They were regarded by some as the most dangerous faction in Mid-Atlantic wrestling.
They were a staple during grappling’s heyday in Greensboro, N.C., and routinely appeared in front of thousands of jeering fans at arenas throughout the Jim Crockett-run territory.
Unlike their “Four Horsemen” contemporaries, though, this roguish group was comprised of vocal ringside fans who occupied a prominent spot at the Greensboro Coliseum during the 1980s and early ‘90s.
Long before the days of “smart fans” and “cool heels,” there was “Front Row Section D.”
The dozen or so members of this rowdy band of wrestling diehards had a collective eye for talent and gained a measure of notoriety by cheering on the charismatic heels of the time, most notably the infamous Horsemen featuring Ric Flair and Arn Anderson, and unmercifully jeering some of the more inept babyfaces.
John Hitchcock, the group’s ringleader, came up with the idea of chronicling the mat gang’s adventures (and misadventures), and the result is a rollickingly funny book.
The volume is a welcome reprieve from the scores of tell-all, dirt-slinging autobiographies that have become all too common in the wrestling marketplace.
Don’t worry about the typos, misspelled names and editing gaffes in this edition. Hitchcock (“Hitch” to his wrestling buddies) is in this for the laughs. And there are plenty of them.
Most of the fun takes place at the Greensboro Coliseum, which, as Hitchcock points out, was once the largest building between the Omni in Atlanta and the Cap Centre in Washington, D.C., routinely accommodating crowds of 9,000, a figure that would eventually expand to more than 23,000.
“They built that enormous barn for wrestling, not the ACC tourney,” joked Hitchcock.
Smack dab in the middle of the Mid-Atlantic territory, Greensboro was the Mecca for area fans. A Sunday night tradition for years, the Greensboro Coliseum wrestling shows featured some of the top names in the business. And most would come to know — for better or worse — Hitchcock and his gang.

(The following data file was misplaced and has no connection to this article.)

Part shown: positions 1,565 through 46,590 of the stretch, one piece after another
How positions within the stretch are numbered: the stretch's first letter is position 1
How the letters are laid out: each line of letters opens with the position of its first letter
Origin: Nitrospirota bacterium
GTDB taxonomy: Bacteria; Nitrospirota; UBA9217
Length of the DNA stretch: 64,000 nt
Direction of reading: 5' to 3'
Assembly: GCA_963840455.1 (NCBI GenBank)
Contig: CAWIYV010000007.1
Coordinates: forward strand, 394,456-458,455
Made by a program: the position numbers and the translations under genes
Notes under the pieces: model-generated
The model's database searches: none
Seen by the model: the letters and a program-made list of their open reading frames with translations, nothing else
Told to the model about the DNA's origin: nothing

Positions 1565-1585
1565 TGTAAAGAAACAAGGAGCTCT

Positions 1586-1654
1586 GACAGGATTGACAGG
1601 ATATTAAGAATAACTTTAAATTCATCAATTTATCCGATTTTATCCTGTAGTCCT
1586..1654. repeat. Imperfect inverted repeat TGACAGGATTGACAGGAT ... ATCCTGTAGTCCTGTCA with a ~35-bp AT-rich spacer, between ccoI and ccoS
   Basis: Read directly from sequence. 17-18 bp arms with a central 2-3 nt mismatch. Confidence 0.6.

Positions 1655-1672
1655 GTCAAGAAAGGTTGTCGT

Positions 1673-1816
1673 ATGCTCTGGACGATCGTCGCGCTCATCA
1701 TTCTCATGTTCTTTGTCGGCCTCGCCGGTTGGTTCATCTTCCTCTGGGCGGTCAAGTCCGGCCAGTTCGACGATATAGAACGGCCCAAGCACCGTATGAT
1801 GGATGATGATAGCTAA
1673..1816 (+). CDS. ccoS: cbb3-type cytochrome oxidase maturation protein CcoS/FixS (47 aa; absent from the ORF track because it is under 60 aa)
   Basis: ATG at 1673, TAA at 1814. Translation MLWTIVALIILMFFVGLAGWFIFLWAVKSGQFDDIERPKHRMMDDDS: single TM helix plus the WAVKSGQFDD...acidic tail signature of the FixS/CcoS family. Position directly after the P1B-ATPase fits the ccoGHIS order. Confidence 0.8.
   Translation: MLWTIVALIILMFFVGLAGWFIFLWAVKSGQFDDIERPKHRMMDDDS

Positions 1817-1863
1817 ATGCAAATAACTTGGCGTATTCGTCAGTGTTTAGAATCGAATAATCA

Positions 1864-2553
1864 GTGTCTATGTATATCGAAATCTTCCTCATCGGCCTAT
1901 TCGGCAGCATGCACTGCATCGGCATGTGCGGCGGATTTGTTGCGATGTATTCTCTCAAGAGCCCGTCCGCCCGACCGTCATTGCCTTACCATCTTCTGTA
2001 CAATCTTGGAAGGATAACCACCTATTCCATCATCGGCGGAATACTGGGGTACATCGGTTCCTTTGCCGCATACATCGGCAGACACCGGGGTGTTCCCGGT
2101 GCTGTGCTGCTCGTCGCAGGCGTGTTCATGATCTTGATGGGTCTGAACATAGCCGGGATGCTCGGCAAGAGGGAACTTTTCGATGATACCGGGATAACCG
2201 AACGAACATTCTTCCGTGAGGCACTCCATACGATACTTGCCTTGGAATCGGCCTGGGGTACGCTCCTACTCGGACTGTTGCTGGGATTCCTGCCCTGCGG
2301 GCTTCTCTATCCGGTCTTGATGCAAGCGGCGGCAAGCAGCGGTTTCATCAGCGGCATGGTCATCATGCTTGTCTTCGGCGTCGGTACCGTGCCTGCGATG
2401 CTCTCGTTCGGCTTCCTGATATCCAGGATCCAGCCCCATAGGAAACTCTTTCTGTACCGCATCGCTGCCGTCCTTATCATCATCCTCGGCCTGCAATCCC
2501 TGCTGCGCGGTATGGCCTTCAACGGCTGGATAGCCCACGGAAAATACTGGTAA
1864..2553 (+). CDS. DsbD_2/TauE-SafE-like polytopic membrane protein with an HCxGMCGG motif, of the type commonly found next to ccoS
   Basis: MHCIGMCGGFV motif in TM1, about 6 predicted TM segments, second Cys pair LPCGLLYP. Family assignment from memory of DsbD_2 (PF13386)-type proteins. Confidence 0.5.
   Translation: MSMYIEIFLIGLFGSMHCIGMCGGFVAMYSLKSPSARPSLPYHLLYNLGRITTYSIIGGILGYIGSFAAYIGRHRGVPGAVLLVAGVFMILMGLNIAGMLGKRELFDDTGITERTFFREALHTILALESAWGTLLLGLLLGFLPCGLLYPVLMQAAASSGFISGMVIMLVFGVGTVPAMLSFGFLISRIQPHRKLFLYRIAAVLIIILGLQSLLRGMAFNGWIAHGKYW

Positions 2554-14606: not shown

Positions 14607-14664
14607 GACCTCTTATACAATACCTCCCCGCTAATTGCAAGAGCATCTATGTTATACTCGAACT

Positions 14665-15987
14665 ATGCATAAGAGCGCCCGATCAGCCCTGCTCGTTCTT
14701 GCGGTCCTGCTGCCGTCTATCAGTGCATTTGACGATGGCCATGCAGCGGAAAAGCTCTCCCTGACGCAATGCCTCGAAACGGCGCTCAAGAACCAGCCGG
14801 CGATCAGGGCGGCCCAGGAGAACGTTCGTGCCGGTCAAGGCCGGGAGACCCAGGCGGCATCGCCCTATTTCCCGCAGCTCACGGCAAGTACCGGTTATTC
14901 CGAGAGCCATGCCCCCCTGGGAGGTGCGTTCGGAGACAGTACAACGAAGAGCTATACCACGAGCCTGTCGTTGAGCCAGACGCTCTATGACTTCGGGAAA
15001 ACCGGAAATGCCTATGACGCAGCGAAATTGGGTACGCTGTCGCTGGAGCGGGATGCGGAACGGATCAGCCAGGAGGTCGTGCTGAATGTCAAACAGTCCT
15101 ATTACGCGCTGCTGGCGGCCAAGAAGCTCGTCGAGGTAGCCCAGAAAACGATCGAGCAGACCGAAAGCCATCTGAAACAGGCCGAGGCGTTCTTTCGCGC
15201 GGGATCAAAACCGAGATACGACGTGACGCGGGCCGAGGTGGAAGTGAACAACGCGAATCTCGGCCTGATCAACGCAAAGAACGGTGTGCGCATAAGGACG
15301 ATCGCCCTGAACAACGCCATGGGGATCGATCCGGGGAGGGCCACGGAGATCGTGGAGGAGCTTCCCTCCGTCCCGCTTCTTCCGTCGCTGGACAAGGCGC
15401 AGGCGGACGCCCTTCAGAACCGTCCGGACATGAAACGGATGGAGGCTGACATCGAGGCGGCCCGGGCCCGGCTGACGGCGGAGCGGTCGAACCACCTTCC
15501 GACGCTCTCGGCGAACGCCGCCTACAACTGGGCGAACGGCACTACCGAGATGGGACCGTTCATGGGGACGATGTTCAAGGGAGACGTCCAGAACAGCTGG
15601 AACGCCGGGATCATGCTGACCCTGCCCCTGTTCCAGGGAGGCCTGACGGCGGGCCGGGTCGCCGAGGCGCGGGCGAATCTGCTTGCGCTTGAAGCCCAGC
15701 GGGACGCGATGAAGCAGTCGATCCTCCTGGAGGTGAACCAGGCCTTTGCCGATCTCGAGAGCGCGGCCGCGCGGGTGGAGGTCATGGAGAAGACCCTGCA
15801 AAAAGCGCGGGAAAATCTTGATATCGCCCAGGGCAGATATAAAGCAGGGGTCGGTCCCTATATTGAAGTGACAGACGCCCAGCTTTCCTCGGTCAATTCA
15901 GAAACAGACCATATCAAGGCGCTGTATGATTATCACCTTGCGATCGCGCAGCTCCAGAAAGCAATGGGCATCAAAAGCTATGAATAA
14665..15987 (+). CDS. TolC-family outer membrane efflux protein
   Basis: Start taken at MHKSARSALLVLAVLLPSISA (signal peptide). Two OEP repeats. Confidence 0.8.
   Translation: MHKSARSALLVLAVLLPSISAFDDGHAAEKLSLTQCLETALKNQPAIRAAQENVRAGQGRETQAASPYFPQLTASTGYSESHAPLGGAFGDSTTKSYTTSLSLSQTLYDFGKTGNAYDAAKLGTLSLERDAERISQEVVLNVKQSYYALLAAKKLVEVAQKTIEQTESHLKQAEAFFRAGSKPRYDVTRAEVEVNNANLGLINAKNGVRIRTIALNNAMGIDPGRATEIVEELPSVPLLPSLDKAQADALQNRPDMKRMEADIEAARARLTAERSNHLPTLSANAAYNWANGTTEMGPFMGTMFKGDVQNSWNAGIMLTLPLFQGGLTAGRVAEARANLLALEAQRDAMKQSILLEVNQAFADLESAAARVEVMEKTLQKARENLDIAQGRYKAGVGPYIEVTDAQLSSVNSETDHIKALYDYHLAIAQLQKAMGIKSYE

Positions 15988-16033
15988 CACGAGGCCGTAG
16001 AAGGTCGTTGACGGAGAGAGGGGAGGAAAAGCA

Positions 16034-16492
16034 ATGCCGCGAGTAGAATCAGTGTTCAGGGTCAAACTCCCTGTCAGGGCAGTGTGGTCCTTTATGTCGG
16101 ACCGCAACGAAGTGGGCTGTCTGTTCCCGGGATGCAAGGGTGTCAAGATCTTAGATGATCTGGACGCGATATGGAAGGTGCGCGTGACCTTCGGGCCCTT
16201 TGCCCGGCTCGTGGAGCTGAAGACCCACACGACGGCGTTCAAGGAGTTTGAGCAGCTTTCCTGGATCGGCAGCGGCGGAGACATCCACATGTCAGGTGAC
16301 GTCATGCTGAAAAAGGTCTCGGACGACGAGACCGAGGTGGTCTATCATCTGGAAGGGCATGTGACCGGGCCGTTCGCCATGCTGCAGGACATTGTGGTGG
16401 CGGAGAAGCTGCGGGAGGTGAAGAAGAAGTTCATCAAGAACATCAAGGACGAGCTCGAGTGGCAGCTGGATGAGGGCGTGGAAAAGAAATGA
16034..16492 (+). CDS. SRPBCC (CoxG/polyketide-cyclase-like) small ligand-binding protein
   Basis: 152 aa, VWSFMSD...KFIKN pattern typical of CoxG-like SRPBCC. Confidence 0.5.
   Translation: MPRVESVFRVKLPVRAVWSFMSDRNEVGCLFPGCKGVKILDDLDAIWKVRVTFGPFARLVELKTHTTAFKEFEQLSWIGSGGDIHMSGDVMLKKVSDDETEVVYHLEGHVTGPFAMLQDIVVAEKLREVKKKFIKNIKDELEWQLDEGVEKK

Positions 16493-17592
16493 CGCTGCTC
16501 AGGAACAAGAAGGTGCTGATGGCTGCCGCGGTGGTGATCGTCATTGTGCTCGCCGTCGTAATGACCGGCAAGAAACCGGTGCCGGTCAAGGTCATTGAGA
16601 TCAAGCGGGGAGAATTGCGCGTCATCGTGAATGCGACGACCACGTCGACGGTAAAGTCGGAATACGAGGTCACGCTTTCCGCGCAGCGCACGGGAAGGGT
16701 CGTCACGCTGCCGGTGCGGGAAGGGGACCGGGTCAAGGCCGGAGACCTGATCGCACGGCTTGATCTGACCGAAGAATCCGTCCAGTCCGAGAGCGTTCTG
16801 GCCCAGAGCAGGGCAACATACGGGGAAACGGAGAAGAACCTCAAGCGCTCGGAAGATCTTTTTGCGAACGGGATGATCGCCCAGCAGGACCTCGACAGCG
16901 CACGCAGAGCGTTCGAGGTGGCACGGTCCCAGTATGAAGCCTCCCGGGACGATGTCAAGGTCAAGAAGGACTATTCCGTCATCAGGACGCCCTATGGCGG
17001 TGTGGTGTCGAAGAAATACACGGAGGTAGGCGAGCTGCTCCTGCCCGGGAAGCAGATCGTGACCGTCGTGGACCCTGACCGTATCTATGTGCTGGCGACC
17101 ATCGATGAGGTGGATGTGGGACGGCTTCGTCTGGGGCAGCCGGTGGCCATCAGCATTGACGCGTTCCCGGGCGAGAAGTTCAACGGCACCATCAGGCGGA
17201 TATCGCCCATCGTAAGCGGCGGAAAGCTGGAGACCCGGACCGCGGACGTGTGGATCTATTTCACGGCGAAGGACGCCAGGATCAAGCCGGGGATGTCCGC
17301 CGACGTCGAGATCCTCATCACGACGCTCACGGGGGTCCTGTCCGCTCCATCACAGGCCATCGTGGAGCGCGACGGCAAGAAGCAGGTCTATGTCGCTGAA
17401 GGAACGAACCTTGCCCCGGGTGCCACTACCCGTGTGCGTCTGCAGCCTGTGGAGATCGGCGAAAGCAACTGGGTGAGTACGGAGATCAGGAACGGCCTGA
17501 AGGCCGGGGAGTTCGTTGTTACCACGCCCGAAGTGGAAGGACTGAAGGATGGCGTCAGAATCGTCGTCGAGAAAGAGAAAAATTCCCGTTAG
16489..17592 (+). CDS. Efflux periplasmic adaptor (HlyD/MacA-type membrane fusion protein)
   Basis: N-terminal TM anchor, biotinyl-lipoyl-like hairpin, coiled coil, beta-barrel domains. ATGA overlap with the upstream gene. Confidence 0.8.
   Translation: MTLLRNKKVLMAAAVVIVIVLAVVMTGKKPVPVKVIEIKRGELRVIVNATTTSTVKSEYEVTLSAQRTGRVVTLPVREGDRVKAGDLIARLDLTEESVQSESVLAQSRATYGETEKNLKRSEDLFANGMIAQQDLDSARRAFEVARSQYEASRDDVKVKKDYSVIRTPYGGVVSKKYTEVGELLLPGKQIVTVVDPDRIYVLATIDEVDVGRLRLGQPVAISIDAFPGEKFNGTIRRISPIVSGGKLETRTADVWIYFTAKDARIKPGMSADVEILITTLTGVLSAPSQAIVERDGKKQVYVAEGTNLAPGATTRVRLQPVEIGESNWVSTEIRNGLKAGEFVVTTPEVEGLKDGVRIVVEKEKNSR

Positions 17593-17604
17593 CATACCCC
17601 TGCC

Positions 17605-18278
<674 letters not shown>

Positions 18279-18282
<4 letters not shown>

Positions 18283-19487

“We had the signs at ringside, and people would be furious,” recalled Front Row Section D member and longtime Greensboro resident Bruce Mitchell. “We’d yell at the fans, and the fans would yell at us. We had great fun interacting back and forth.”
Much of the group’s good-natured wrath was directed at an ample target — “The American Dream” Dusty Rhodes.
Hitchcock, in fact, devoted the book’s cover to one of his more popular signs taking a jab at Rhodes: “You can tell the wrestler by looking at his blubber!”
During the period that photo was taken, Hitchcock explained, Rhodes was wrestling under a mask as The Midnight Rider. His intro music contained the lyrics “You can’t tell the book by looking at the cover.”
Hitchcock makes no bones about his dislike for those he considered prima donna babyfaces.
“I hated the faces during this period,” he wrote. “Nothing has changed that much in my way of thinking. The heels did all the work and got none of the glory.” “And one more observation,” he added. “The faces would get (ticked) off at any disrespect from the audience, especially anyone cheering against them.”
Hitchcock and some of his enlightened friends had a remedy, though, in the form of signs and posters that, in many cases, visibly infuriated the fan favorites.
Equally annoying, arrogant and obnoxious, Front Row Section D could dish it out as well as any of the performers in the ring, much to the chagrin of matchmaker David Crockett, who constantly threatened to ban the group from various Mid-Atlantic buildings.
And when the old NWA morphed into WCW, a period that saw various stars such as Flair, Anderson, Tully Blanchard, The Midnight Express and Jim Cornette bail to other organizations, Hitchcock and his cohorts expressed their displeasure in graphic terms.
With crowds waning and the Coliseum’s wrestling days numbered, Front Row Section D was more than ready to stir up the mix.
At one particular show, the group put bags on their heads with the names of those who had departed the company. Hitchcock sported a large sign that read: “Ghosts from Wrestling Past!”
Their protests drew various responses from the talent on hand.
“Tom Zenk walked over and shook my hand saying, ‘Come on guys. Get serious. This is wrestling,’ ” recalled Hitchcock.
“I think that was the most entertaining Zenk ever did in his career,” he added. “The match was a laughfest. The wrestlers couldn’t keep a straight face the entire time.”
In addition to being an old-school wrestling enthusiast, Hitchcock is an artist, storyteller and owner of Greensboro’s Parts Unknown Comic Book Store for the last 25 years.
Hitchcock relishes all the memories of attending live matches and television broadcasts during the 1960s on through the ‘90s, and there are plenty of photos and clippings to go along with the stories.
Long-forgotten stars live on the pages of this book, and there are laughs galore on every one of them as readers relive some of the Mid-Atlantic glory days through Hitchcock and his eclectic cast of characters.
Like those long-revered shows of the past, this book is well worth the price of admission.